Dorota Dutsch’s paper is among the most interesting. She deals with many authors from Ennius to Lucilius, and manages to give a clear, compact and convincing picture of the outcome of the first encounter between Roman culture and Greek philosophy, an encounter which was made possible by authors who were not Roman by birth but often came from Magna Graecia. Greek philosophy was mocked as useless and inferior to Roman values: nevertheless, the Romans themselves, especially figures such as Cato the Elder, redeploy ideas and concepts of Greek philosophy as they create a consistent value system. A comparable phenomenon will occur when Christian philosophers like Augustine take up Stoic ideas or even pagan religious elements, which they officially deplore, and adapt them to their theology. It must be said that in the second century B.C. all of this was made easier by the fact that Romans were indifferent to theoretical issues and focused on ethical ones, thus discounting divisive metaphysical questions on principles and elements in favour of those concerning happiness, good and bad.
Joseph Farrell’s presentation of Vergil offers a fine synthesis, which demolishes the prejudice against Vergil’s Epicureanism and demonstrates both the relevance of philosophical implications in non-philosophical works such as the Eclogues (not only the sixth, but also the third and the ninth, especially in connection with allegory and aesthetics) and their subordination to a literary agenda. In the Georgics, in which “natural philosophy is a fundamental theme” (79), Farrell rightly points out that behind Lucretius’ model there is often Empedocles ( pace Campbell’s paper), and that Servius’ commentary already provides abundant references to a number of different philosophers, from Thales to Plato. Farrell limits the importance of philosophy in the Aeneid, especially in book 6, stressing how philosophical motives are more often revisited topoi rather than intentional allusions to this or that school (81), and that literary models are at any rate far more relevant than philosophical ones. This remark would also fit Valerius Flaccus, in that it would explain the contradictions arising from the combination of Stoic elements and Homeric allusions, as well as Lucan. Lucan, to be sure, is far more engaged with (Stoic) philosophy than Vergil, but Pompey’s death is clearly linked to the literary tradition: as Emanuele Narducci shows in a classic essay, the representation of Pompey’s truncus is indebted to historical sources about Pompey’s death while also recalling Priam in the Aeneid. This is clearly the point at stake in this passage: the heroic acceptance of death, and also a challenging attitude vis à vis the gods, are typical features of many literary heroes well before they characterize the Stoic sage. It is Stoic philosophy that harks back to these literary motives, not the other way round.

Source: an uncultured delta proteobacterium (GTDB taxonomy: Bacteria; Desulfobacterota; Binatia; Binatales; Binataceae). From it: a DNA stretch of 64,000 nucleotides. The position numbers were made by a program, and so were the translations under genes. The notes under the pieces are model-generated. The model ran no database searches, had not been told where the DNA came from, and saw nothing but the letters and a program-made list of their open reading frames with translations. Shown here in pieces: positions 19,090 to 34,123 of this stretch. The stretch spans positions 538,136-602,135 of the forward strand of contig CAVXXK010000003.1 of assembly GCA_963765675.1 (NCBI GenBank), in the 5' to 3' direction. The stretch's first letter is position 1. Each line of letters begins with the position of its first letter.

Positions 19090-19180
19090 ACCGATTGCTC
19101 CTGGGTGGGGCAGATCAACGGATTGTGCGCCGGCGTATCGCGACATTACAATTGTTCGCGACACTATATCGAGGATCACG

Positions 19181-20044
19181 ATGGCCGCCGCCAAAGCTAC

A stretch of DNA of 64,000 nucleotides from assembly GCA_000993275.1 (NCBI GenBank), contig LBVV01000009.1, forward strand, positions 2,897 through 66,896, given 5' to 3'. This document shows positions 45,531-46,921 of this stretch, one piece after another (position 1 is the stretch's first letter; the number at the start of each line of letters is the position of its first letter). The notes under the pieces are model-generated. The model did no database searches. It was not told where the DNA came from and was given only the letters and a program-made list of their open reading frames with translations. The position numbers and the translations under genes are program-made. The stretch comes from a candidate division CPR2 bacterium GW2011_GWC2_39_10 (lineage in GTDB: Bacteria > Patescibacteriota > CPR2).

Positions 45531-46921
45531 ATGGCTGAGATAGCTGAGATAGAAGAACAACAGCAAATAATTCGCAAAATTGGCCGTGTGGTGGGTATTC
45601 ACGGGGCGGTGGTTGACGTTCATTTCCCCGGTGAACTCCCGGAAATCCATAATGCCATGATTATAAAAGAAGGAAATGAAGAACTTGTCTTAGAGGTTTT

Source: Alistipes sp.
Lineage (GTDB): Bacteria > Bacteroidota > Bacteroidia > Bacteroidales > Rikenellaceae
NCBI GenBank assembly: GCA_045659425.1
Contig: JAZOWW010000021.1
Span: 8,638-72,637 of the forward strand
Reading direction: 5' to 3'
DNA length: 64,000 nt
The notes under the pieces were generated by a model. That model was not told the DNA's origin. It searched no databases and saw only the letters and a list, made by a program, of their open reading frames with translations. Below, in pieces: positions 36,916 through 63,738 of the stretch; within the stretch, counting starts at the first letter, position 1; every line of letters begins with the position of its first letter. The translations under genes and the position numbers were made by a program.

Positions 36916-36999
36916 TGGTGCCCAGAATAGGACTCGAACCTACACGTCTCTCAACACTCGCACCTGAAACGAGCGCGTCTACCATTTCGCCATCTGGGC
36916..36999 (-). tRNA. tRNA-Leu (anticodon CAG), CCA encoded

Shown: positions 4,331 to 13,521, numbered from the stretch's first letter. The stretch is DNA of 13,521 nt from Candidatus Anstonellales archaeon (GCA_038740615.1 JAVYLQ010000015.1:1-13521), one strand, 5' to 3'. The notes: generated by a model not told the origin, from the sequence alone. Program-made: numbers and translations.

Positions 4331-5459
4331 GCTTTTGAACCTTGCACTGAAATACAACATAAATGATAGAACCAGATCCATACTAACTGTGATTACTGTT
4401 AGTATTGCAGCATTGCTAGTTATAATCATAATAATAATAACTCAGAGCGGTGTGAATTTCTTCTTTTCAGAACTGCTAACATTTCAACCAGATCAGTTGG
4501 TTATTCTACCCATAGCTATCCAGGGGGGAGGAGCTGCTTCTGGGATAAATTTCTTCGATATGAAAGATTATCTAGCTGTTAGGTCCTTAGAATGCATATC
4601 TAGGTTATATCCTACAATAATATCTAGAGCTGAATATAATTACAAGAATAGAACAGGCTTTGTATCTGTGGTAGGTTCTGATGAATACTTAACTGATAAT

This book deals with a really important topic, which lasts as long as Latin literature: it manages to redefine old questions, rewrite old prejudices, offer new interpretations and suggestions, read famous texts under new perspectives. The main lesson we learn is that there are no simple and univocal influences: philosophical considerations are often intertwined, and it is sometimes difficult to identify and understand them, not just because it is difficult to trace their exact source, and to decide whether they are first- or second-hand, but chiefly because they are only a subsidiary element in the authors’ cultural background. The literary tradition retains pride of place.
1. The discussion on this well-studied topic does not take into account some important essays, such as G.G. Biondi, ‘Introduzione’, in Seneca, Medea, Fedra, Milano 1989, 11-69; G. Mazzoli, ‘Il tragico in Seneca’, Lexis 15, 1997, 79-91; ‘La tragedia di Seneca come eidos del nefas, in: Harmonia. Scritti di filologia classica in onore di A. Casanova, Firenze 2012, 513-519; H. M.Hine, ‘ Interpretatio Stoica of Senecan Tragedy’, in: M. Billerbeck, E. A. Schmidt (eds.), Sénèque le tragique, Vandoeuvres-Genève 2004, 173-220.